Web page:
On February 9th, 2016, the U.S. Supreme Court placed a “stay” on implementing the Clean Power Plan, the U.S. Environmental Protection Agency’s regulation of carbon dioxide emissions from U.S. power plants. With a 5-to-4 vote, the Court has put a halt to the regulation while its legal fate is being decided. The request for a stay came from a coalition of 27 states, led by West Virginia and including most of the states in the South. The claim is that the regulation is overly far-reaching and burdensome.
The coalition’s request for a “stay” did not dispute the Regulatory Impact Assessment of the Clean Power Plan, which showed that the benefits of the regulation far exceed the costs. There would be costs – a clean grid will require decommissioning the oldest, inefficient coal plants and removing their coal ash ponds as well as constructing cleaner power systems and deploying low-cost energy efficiency. But the benefits are much greater – including reduced childhood asthma and other respiratory diseases as well as reduced climate disruption from severe floods, storms, wildfires, and droughts.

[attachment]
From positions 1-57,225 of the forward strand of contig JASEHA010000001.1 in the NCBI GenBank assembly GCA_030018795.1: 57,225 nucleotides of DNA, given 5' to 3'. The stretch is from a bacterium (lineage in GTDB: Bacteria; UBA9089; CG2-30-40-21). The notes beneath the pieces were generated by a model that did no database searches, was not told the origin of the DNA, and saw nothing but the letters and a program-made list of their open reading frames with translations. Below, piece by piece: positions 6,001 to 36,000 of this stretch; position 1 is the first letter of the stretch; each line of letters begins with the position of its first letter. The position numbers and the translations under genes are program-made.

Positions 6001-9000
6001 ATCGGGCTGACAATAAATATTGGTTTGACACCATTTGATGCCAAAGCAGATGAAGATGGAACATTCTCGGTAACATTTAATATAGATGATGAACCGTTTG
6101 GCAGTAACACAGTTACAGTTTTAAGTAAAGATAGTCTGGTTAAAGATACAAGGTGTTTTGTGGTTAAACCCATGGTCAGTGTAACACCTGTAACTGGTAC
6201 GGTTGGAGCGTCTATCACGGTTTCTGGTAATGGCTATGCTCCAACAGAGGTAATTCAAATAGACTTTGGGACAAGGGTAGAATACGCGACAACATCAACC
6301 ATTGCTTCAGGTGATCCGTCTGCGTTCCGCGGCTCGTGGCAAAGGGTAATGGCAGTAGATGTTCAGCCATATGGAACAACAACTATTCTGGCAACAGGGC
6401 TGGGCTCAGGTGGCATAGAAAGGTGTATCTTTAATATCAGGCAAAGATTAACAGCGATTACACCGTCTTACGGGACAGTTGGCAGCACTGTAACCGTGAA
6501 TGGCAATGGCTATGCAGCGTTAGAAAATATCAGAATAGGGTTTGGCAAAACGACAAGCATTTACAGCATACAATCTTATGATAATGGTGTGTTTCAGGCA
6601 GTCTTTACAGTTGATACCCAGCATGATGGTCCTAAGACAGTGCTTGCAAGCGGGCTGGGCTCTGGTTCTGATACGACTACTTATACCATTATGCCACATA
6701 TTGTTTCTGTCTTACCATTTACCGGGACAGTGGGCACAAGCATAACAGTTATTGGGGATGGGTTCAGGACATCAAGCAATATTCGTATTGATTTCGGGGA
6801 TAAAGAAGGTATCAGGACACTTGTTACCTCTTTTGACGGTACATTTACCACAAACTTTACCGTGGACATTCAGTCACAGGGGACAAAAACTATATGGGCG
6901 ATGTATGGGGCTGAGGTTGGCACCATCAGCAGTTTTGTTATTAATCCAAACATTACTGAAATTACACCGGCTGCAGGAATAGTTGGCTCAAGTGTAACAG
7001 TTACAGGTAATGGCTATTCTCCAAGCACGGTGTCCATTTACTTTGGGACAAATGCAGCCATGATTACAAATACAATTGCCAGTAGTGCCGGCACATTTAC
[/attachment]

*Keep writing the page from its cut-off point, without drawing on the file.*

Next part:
The good news is that the Court has agreed to begin hearing arguments on the case on June 2, 2016. Hopefully the legality of the Clean Power Plan will be determined shortly thereafter, so that the nation can settle on a course of action for curtailing carbon dioxide emissions from its power generators.